Rosemary Chicken and Mushroom Risotto

06 Jul

I’ve been eating a lot of risotto lately. I’m not sure why because I was never mad about if before, but suddenly I’m craving it all the time- maybe as an excuse to perfect my technique?

Risotto is traditionally supposed to be served with a very wet ‘soupy’ texture, but in the interests of trying to get The Husband to eat it, I cooked mine down a little further- he flat out refuses to eat soupy, sloppy rice. The same way I refuse to pick up his socks. It’s a Mexican stand-off of epic proportions.

I think it’s hard to make a chicken and mushroom risotto look good with the whole shades of brown thing going on and with no good daylight left, I was stuck with down lights only, so my most humble apologies. In my opinion, nothing looks as flash as a bright orange pumpkin risotto. That’s the only risotto that stands any chance of looking great in a photo.


2 tbsp olive oil

1 small shallot or brown onion, chopped finely

1 clove of garlic, chopped finely

1 chicken breast, cut into small pieces

150g mushrooms, sliced

1/4 cup leek, white part only, sliced finely

1 bacon rasher, cut into the tiniest little pieces you can manage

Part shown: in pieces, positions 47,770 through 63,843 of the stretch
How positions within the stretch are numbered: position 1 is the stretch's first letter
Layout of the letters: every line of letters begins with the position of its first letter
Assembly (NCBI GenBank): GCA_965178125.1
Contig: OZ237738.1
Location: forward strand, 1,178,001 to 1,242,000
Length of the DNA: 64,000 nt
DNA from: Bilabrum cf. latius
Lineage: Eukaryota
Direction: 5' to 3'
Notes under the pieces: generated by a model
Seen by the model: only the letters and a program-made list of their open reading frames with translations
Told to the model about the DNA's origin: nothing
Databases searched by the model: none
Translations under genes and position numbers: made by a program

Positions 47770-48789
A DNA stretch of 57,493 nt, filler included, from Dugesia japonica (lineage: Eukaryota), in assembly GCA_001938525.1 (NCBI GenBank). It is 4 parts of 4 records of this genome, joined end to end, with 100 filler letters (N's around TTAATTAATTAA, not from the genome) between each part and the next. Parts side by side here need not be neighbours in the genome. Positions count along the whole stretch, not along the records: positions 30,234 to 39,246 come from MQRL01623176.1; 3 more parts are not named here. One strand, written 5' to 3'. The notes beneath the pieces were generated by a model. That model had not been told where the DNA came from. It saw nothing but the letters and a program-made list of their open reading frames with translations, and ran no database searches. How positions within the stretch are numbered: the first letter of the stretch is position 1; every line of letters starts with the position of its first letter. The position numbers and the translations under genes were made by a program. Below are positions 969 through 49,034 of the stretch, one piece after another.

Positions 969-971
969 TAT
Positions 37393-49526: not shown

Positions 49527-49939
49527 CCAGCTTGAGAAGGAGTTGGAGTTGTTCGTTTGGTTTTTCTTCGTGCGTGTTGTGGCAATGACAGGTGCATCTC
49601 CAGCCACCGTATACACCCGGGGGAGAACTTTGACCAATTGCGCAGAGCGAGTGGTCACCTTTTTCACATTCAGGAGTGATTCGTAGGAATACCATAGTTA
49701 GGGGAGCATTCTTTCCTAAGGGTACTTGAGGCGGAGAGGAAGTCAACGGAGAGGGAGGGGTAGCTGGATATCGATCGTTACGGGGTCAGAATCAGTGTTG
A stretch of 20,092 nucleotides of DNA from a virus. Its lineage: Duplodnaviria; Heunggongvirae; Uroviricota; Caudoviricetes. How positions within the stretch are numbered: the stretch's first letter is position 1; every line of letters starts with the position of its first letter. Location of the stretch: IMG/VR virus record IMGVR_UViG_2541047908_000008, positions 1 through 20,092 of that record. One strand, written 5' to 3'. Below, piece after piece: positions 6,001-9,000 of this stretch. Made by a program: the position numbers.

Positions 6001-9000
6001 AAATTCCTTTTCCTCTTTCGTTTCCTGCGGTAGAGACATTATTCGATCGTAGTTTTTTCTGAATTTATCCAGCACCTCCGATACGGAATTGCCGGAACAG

1/2 flat leaf parsley, chopped roughly

2 tbsp fresh rosemary, chopped roughly

2 cups arborio rice

4 cups chicken stock, hot

1/2 cup white wine

Shaved parmesan


  1. Heat  1 tablespoon of olive oil in a pan over medium heat and add chicken, cook for a few minutes until chicken is well-browned. Remove from pan and set aside.
  2. Add another tablespoon of olive oil to the same pan and cook onion, garlic, mushrooms, leek and bacon until the onion is soft and translucent and the bacon is that yummy golden, crispy sort of texture.
  3. Add the herbs and stir through before adding the arborio rice. Stir with the onion and mushroom mix until the rice grains are well coated with oil, then add 1 cup of chicken stock and cook, uncovered, stirring occasionally until the rice has absorbed the liquid.
  4. Continue to add chicken stock, 1 cup at a time until the rice has absorbed the liquid.
  5. As you add the last cup of chicken stock, also add the white wine and some shaved parmesan (not too much, save it for serving up).
  6. The risotto should be ready when the rice is cooked, but not mushy and a traditional risotto is supposed to be soupy in texture with a lot of reserve liquid.
  7. Serve the risotto immediately, you can drop in a knob of butter for that glistening, silky finish and stir through some fresh parsley. Shave some parmesan over the top.

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